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this morning's "washington journal." host: our topic is the fiscal cliff. of we have done for last several sundays, we welcome the policy director for the concord coalition and a columnist for roll call newspaper. thank you for coming back. stan, as we stand on the edge of the fiscal cliff, is there any chance we do not go over? guest: we are relying on a senate that has been dysfunctional and avoided a filibuster when it will be really easy for one or more senators who do not like tax increases to just filibuster round and we are relying on a house that could not take the lead. it's important to state that while the official deadline is the 31st, the true this congress can continue to worked until the new congress comes in january 3rd. we have more like three days. host: joshua gordon, are we going over the cliff? what will it mean if we do? guest: in some sense, we will even if they reach a deal. this is something when you look at the contours' of the deal that have been talking about, there will still be a lot left for future decision making. even if they are able to extend taxes for th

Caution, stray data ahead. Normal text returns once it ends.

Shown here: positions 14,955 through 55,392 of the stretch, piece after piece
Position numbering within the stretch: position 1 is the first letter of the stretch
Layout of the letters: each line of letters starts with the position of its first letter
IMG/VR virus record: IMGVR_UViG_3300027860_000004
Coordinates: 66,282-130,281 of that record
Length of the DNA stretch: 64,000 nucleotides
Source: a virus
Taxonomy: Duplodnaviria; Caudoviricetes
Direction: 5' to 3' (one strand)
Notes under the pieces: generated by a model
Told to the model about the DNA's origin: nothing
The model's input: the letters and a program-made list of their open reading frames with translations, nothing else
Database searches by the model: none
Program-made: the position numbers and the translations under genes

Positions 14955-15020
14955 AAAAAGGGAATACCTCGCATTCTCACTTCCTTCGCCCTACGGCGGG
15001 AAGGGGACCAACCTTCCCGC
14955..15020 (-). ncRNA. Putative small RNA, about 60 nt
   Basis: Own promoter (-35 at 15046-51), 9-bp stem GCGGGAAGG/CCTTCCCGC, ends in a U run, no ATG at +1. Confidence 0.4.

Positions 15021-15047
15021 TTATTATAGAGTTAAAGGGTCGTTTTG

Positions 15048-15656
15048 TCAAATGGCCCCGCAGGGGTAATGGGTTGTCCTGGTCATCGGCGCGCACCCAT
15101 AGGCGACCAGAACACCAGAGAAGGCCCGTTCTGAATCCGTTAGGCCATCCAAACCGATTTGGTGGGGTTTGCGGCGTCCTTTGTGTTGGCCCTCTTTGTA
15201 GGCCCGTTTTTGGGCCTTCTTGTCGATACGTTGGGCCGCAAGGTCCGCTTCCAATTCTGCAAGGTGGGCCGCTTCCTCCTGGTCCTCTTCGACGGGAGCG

of the issues the parties said they were concerned about leading into the fiscal cliff. the payroll tax cut is going to expire. no one is talking about extending that. that is the one that gives the biggest bang for the buck. host: if a deal does get done, how much of the cliff aristo going to be staring at? guest: you are staring at one cliff, the payroll tax cut going away. that is 3% of every wage earner up to $100,000 or so. that will have a big economic impact. you are approaching the debt ceiling cliff which will be another standoff. i assume that is where we will get into the discussion of spending cuts that seems to be absent from whatever deal they are talking about. guest: if there is no deal, the full tax cuts go away. the tax increases and spending cuts will go into effect. about iran fiscal policy given the time. but something in between. maybe the minimum of $200 billion and the maximum of $600 billion. host: some statistics with several charts on how it affects you in your income bracket. the richest 20% with scene increase of about $20,000 increase in taxes owed. for those m
Search Results 0 to 1 of about 2